The Battle of the River Plate is one of the best remembered naval
engagements of the Second World War, with pictures of the
burning wreck and memories of its tragic commander’s suicide
seared into the public consciousness. The first major naval battle
of the Second World War, it was fought on 13 December 1939
between two apparently disparate forces: on the German side
Admiral Graf Spee, one of the much vaunted ‘pocket
battleships’; on the British side, three smaller and seemingly
much less powerful cruisers, Exeter, Ajax and Achilles.
This compelling new study concentrates on Kapitän zur See Hans
Langsdorff, commander of the Graf Spee, written from his point of
view. The story of his mission at the start of the Second World War,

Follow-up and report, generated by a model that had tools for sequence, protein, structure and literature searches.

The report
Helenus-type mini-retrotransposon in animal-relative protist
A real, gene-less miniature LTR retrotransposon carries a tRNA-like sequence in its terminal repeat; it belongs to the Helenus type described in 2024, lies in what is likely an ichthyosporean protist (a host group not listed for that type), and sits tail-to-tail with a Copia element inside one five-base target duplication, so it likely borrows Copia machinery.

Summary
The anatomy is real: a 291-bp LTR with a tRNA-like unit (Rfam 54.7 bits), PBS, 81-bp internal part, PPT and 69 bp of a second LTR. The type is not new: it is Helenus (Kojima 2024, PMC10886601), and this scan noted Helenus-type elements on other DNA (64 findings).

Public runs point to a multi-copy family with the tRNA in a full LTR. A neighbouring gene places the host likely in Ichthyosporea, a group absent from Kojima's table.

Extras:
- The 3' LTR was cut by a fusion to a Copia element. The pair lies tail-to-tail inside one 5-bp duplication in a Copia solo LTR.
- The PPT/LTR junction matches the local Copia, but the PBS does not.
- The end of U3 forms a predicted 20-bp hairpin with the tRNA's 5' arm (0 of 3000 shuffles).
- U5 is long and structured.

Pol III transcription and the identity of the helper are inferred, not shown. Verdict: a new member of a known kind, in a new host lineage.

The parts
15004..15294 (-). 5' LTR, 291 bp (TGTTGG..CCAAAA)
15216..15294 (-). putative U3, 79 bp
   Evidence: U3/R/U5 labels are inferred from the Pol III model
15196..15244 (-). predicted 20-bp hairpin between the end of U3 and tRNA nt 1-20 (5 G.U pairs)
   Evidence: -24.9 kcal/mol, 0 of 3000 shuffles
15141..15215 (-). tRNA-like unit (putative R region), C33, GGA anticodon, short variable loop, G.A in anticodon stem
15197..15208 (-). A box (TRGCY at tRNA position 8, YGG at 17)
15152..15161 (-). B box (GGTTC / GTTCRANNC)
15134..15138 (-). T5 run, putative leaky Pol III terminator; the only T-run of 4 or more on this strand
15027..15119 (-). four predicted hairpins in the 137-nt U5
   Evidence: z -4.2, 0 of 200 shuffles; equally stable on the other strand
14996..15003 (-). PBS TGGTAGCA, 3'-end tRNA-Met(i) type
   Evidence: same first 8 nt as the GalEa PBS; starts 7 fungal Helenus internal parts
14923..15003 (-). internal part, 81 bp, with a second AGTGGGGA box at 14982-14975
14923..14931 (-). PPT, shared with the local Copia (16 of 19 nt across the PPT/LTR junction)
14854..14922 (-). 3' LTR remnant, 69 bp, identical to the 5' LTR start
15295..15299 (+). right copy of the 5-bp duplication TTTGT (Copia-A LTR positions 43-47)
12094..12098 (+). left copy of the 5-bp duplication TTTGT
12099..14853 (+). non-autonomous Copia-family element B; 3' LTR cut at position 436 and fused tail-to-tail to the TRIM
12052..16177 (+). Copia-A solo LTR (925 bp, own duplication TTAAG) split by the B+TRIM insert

to prey on merchant shipping, is graphically retold and the
command decisions Lansdorff made are the primary focus of this
Author David Miller examines in vivid detail the factors Langsdorff
had to consider as he assessed the situation of his ship and chose
his course of action. Operating alone, thousands of miles from
home and with no prospect of support, Langsdorff had to grapple
with the enormous burden of a lone command. The grave mistakes
he made are ruthlessly exposed, but this fascinating re-examination
of his actions and his leadership does nothing to diminish his
reputation as a brave and honourable officer.
David Miller has had seventy books published on subjects ranging
from Richard the Lionheart, to U-boats and the Battle of Waterloo.
He currently lives in Devon and is available for interview.